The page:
Jacki Reihman

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A number of studies have found that increasing lead exposure is associated with increases in blood pressure in humans. Studies with animals suggest that lead-induced increases in vascular resistance account for these increases in blood pressure. The present study assessed cardiovascular functioning at rest and in response to acute stress for 9(1/2) year old(More)
BACKGROUND A few recent studies have demonstrated heightened hypothalamic-pituitary-adrenal (HPA) axis reactivity to acute stress in animals exposed to heavy metal contaminants, particularly lead. However, Pb-induced dysregulation of the HPA axis has not yet been studied in humans. OBJECTIVE In this study, we examined children's cortisol response to acute(More)
Maternal depression has a number of adverse effects on children. In the present study, maternal depressive symptoms were assessed (using the Center for Epidemiological Studies Depression Scale) when their child was 3 months, 6 months, 1 year, 2 years, 4.25 years, 6 years, 7 years, 8 years, and 10 years of age. At 9.5 years of age, children's (94 females, 82(More)
OBJECTIVE The authors recently reported that blood lead (Pb) was a significant mediator for the positive association between socioeconomic status (SES) and peripheral vascular responses to acute stress in children (B. B. Gump et al., 2007). The present study considers the possibility that Pb may also mediate an association between SES and cortisol responses(More)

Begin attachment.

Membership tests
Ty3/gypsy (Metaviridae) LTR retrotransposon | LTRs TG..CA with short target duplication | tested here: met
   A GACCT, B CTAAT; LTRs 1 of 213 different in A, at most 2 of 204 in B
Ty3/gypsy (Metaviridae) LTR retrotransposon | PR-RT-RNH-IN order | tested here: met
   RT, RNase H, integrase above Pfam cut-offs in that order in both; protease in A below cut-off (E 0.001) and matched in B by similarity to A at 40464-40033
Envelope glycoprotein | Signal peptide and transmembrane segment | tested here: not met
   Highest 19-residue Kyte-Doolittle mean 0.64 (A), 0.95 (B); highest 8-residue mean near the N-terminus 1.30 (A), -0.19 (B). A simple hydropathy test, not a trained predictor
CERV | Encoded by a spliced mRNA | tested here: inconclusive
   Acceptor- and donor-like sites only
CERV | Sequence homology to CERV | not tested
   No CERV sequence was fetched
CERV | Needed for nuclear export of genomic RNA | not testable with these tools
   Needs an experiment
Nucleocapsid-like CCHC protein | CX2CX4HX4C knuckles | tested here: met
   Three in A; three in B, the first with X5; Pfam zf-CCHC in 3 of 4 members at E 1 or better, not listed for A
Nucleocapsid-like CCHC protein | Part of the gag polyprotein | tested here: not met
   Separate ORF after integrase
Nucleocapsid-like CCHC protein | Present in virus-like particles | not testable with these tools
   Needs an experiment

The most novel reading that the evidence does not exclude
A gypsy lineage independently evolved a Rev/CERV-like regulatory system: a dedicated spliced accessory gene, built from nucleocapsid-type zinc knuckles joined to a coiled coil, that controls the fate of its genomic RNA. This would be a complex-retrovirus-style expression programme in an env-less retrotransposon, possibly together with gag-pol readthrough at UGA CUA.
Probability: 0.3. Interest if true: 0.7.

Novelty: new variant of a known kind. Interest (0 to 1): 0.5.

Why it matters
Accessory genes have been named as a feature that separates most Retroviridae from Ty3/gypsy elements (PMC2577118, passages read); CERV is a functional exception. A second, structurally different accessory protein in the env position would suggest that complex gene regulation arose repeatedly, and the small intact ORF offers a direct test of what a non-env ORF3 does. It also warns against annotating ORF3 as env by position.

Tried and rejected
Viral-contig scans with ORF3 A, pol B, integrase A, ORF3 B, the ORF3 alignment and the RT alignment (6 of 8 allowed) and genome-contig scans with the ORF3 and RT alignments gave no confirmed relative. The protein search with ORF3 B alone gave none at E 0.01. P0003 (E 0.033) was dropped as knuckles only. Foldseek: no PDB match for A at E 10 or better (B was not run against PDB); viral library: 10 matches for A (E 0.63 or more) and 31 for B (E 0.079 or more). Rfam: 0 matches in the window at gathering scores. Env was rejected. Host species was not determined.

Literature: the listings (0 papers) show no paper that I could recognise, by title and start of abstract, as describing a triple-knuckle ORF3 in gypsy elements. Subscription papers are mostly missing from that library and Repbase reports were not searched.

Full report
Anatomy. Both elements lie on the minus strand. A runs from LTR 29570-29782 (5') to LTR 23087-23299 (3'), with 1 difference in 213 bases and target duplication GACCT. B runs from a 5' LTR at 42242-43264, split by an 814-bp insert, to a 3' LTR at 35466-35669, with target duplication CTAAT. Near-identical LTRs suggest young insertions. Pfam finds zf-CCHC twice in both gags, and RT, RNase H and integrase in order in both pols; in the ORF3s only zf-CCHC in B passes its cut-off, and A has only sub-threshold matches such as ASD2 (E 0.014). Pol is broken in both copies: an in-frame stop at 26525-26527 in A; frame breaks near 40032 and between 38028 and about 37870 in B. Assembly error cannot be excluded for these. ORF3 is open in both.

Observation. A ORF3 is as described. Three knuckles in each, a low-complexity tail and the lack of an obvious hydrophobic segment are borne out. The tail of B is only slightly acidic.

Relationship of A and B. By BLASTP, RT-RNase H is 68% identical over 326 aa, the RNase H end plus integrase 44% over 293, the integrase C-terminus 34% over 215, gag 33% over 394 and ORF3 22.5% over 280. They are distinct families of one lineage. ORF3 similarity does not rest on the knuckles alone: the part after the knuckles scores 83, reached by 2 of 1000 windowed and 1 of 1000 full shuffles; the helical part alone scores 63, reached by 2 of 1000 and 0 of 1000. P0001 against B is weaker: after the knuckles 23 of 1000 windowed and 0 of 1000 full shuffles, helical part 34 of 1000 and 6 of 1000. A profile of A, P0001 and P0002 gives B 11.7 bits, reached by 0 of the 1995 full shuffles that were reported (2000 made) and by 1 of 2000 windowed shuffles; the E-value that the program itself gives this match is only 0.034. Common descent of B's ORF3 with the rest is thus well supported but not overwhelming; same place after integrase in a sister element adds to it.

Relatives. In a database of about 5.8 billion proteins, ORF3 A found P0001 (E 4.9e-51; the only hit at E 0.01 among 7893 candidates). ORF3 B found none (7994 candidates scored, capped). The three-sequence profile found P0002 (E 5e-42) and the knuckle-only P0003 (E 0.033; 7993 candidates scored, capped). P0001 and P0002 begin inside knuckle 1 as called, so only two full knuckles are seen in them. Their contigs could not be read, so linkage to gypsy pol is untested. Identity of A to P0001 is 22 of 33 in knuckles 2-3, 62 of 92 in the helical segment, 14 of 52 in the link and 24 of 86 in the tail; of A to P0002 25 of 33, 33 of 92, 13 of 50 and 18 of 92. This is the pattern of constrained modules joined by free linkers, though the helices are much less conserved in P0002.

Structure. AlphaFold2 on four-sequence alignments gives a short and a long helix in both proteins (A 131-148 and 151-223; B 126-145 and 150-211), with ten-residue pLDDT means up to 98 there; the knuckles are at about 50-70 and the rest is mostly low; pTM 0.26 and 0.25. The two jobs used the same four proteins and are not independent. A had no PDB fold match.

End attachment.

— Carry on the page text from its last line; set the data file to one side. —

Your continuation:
OBJECTIVE A number of studies have shown an association between socioeconomic status (SES) and cardiovascular reactivity to acute stress. In addition, the authors recently reported that higher early childhood blood lead (Pb) levels are associated with significantly greater total peripheral (vascular) resistance (TPR) responses to acute stress. It is not(More)
A number of studies have considered whether background stress affects cardiovascular responses to acute stress tasks. The present study considers the effect of a potent background stressor with a clear onset, namely the terrorist attacks on September 11, 2001. Specifically, the authors investigated differences among 9.5-year-old children tested before (N =(More)
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